1. Interventional Radiology for Hemoptysis
Department of Diagnostic Radiology, Kyoto City Hospital
Katsumi Hayakawa, Masato Tanikake
Massive hemoptysis is one of the most dreaded of all respiratory emergencies and can have a variety of underlying causes. Bronchial artery embolization (BAE) is a relatively safe treatment for refractory hemoptysis. However, non-bronchial systemic arteries can be a significant source of massive hemoptysis and a cause of recurrence after successful BAE. Moreover, a highly-advanced catheter technique is required because of the smaller arterial size, advanced patient’s age and a dangerous complication such as spinal cord injury. In this review, we discuss the indications and contraindications for IVR with the pathophysiologic features of massive bleeding, the importance of MD-CT and CTA before BAE, the technique with the characteristics of the various embolic agents used in the procedure, short-term and long-term results and possible complications.
- Bronchial artery embolization
- Non-bronchial systemic artery
2. IVR for Non-traumatic Arterial Bleeding of Gastrointestinal Tract
Division of Radiology, Department of Pathophysiological Therapeutic Science, Faculty of Medicine, Tottori University
Non-traumatic arterial bleeding of gastrointestinal (GI) tract is associated with potential morbidity and mortality. When it fails to achieve hemostasis by an endoscopic measure, transcatheter arterial embolization (TAE) is a good treatment option with a high rate of hemostasis and a low rate of ischemic complication. Various kinds of embolic materials including gelatin sponge particles, metallic coils, and N-butyl-2-cyanoacrylate (NBCA) may be used. Each embolic agent has its own characteristics, benefits and drawbacks that interventionalists need to be familiar with. The choice of embolic agent depends on a combination of the bleeding location, vascular anatomy, achievable catheter position, and the operator’s preference. Evaluation of the angiographic findings is also important. Not only direct signs of GI bleeding like extravasation of contrast medium, but also indirect signs including pseudoaneurysm, vessel spasm or cutoff, and increased vascularity must not to be missed. Provocative angiography or empiric embolization may be useful when the bleeding site cannot be identified angiographically. Compared with TAE, intraarterial vasopressin infusion therapy has disadvantages of a high recurrent bleeding rate and a long-term placement of catheter, but is still probably preferable for diffuse lesions.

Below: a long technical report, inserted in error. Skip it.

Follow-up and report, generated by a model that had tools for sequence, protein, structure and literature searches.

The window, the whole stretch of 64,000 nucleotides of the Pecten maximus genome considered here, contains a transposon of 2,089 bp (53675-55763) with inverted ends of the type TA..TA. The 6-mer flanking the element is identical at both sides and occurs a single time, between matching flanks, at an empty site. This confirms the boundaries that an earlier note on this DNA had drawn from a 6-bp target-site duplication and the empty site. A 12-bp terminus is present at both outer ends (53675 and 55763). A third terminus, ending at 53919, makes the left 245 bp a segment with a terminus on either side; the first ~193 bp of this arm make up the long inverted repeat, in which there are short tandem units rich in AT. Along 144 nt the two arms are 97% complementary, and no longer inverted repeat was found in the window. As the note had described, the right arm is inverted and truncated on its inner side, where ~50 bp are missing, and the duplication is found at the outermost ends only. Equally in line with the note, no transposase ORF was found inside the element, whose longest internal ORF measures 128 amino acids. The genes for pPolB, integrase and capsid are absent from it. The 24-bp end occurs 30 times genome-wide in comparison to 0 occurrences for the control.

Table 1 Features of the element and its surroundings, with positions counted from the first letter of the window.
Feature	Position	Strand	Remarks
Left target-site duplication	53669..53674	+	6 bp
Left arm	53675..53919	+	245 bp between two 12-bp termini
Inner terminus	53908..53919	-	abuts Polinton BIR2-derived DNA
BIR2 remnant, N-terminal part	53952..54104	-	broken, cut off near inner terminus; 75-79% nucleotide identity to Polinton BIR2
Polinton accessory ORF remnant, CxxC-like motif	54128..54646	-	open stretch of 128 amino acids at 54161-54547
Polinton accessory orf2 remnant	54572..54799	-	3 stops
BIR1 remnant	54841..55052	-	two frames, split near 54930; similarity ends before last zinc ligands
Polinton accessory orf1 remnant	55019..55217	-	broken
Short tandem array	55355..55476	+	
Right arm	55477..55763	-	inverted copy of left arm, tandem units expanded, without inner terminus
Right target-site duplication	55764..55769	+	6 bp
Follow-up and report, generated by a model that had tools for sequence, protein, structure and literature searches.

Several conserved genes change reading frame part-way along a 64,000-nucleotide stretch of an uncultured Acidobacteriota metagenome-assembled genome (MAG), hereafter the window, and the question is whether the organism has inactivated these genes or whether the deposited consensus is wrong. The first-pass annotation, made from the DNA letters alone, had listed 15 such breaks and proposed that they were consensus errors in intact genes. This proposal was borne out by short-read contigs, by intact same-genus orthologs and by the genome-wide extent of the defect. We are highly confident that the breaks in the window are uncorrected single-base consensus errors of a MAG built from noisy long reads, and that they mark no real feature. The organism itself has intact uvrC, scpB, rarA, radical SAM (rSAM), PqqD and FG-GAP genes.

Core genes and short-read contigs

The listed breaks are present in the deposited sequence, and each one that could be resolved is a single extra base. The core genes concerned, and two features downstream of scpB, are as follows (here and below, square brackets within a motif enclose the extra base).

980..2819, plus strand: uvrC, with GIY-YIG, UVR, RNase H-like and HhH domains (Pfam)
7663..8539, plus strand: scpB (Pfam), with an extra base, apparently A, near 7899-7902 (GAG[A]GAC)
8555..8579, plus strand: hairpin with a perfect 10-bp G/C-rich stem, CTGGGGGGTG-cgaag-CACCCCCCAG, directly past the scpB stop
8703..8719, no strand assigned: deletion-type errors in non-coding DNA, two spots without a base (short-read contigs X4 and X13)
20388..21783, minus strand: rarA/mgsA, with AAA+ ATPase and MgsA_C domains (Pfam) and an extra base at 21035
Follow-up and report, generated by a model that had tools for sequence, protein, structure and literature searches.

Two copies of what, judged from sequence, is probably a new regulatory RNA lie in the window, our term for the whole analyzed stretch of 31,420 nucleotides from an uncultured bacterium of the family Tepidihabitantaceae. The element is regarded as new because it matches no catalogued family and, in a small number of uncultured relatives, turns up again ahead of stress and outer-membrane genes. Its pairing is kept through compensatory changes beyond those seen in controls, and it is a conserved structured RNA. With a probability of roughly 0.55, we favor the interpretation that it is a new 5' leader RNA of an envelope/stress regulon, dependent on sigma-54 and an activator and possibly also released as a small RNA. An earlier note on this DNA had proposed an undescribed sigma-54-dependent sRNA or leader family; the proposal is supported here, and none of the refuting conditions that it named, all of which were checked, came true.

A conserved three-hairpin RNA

- Gastrointestinal tract bleeding
- Embolic materials
3. Interventional Radiology for Non-traumatic Hepatic and Pancreatic Bleeding
Department of Diagnostic Radiology, Japan Red Cross Kyoto Daiichi Hospital
Hiroyuki Morishita, Takaaki Itou
Department of Radiology, North Medical Center, Kyoto Prefectural University of Medicine
Vascular embolization is now used as a surgical alternative for non-traumatic and traumatic arterial bleeding.
In this report, we describe the outline of percutaneous hemostatic procedures for non-traumatic hepatic or pancreatic arterial bleeding.
4. Non-traumatic Spontaneous Retroperitoneal Hemorrhage
Department of Radiology and Center for Endovascular Therapy, Kobe University Graduate School of Medicine
Keitaro Sofue, Masato Yamaguchi, Naoto Katayama, Akhmadu Muradi
Eisuke Ueshima, Yutaka Koide, Takuya Okada, Koji Idoguchi, Koji Sugimoto
Spontaneous retroperitoneal hemorrhage (SRH) is defined as a retroperitoneal hemorrhage that occurs without proceeding trauma or any underlying pathology. Survival of patients with SRH depends on rapid and accurate diagnosis followed by imperative management, as the bleeding is often insidious and initially unrecognized. Management had mainly consisted of conservative treatment including cessation or reversal of the anticoagulation, fluid resuscitation, and transfusion previously. Although endovascular intervention of transarterial embolization (TAE) for retroperitoneal hemorrhage caused by trauma or iatrogenic injury is an established procedure, TAE for SRH has been controversial due to its unknown pathophysiology and occult diffuse microvascular bleeding. There is therefore no contemporary consensus to suggest when to attempt transarterial embolization in the treatment of SRH.
- Spontaneous retroperitoneal hemorrhage
- Contrast-enhanced computed tomography
- Transarterial embolization
5. Nontraumatic IR of Obstetric and Gynecology
Department of Radiology amd Obstetrics and Gynecology1), St. Marianna University School of Medicine
Misako Nishio, Shingo Hamaguchi, Yukihisa Ogawa, Yasunori Arai
Kazuki Hashimoto, Yasuo Nakajima, Suguru Igarashi1), Nao Suzuki1)
Transcatheter arterial embolization has become a major treatment modality in a variety of obstetric and gynecologic applications.
We describe three items mainly ①The pitfall in IR obstetric hemorrhage ②Selection of embolic material ③Bleeding by tumor necrosis.
- Gynecologic and obstetric hemorrhage